Cybermen convert human bodies by covering them in a substance called ‘arnickleton’, which smothers and eventually replaces body parts, all except for the processed brain. A strict hierarchy governs the Cybermen, led from the top by the Controller, then Senior Leaders who command a Major Phalanx; these are assisted by Leaders and Junior Leaders – and below them are the army troopers (and we encounter more than just the one Cyber Leader once the Doctor reaches Telos). Later, when Lytton is captured, we learn that the Cyber Controller has been fighting to cure a poison released by the Cryons that has resulted in ‘only a few hundred surviving Cybermen’. It’s this imminent threat of extinction that has motivated the Controller’s plan to change the timelines.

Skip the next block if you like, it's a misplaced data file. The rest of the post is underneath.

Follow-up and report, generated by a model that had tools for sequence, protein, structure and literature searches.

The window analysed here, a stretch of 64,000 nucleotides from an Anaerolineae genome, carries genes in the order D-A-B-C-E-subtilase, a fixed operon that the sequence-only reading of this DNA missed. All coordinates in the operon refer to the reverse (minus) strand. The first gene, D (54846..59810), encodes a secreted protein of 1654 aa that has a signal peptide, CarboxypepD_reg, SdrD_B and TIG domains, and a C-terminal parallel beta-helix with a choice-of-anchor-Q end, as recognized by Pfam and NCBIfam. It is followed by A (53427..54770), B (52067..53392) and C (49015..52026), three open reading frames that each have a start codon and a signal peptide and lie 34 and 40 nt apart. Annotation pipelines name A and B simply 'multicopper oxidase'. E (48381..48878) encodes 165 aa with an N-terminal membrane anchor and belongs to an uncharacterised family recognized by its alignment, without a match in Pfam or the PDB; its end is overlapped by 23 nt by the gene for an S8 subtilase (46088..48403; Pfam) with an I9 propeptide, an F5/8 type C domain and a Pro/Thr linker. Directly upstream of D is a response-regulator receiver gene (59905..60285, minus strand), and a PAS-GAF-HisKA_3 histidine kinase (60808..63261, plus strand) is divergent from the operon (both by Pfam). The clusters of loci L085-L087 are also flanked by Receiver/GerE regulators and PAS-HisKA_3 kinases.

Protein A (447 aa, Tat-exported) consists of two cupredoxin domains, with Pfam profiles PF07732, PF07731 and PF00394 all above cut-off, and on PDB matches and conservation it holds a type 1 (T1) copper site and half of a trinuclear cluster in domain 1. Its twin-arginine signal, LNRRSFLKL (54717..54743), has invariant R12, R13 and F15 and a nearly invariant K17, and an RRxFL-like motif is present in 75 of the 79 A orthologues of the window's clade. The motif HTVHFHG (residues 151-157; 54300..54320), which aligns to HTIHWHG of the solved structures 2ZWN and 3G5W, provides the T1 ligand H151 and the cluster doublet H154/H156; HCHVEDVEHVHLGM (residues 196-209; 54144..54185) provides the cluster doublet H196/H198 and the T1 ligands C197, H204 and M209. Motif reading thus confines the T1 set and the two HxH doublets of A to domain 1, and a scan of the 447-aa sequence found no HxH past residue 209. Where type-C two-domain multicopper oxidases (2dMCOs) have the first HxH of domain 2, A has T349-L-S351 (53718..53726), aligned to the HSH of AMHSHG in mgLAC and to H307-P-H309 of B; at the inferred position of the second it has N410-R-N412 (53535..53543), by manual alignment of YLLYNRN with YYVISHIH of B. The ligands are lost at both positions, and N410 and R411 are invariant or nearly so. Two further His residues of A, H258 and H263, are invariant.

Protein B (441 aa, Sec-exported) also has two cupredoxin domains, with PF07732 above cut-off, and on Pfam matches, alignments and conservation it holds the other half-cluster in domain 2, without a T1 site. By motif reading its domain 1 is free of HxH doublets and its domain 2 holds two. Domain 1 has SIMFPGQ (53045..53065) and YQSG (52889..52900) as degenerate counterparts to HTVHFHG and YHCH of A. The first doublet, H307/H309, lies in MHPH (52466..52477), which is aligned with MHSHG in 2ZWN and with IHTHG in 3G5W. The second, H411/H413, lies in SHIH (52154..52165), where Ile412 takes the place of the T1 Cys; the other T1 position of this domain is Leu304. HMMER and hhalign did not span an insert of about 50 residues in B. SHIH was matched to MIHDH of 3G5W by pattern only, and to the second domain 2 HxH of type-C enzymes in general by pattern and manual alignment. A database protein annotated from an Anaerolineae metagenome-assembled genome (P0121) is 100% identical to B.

The bodies of Russell and a Cyberman are dumped in a corridor off from the main TARDIS console room. The Doctor remembers the ‘last time’ he’d encountered the Cybermen, when Adric had been killed [is his regenerative amnesia making him forget The Five Doctors?]. The Doctor thinks that he’d rather trust a wounded speelsnape [see Slipback] than trust Lytton.
The two partly Cybernised men are Flight Leader Lintus Stratton and Time Navigator Eregous Bates. They come from the planet Hatre Sedtry in ‘the star system known as Repton’s Cluster’ – and they were the original crew of the time ship now possessed by the Cybermen. The TARDIS’s arrival in the tombs on Telos (instead of Cyber Control) seems to concern the Cyber Leader, prompting the Doctor to wonder if these Cybermen have been programmed with ‘limited emotional response’. He could be right there, as the Cyber Controller chooses to have the Doctor thrown into a refrigerated cell with the express purpose of humiliating him before they can meet again.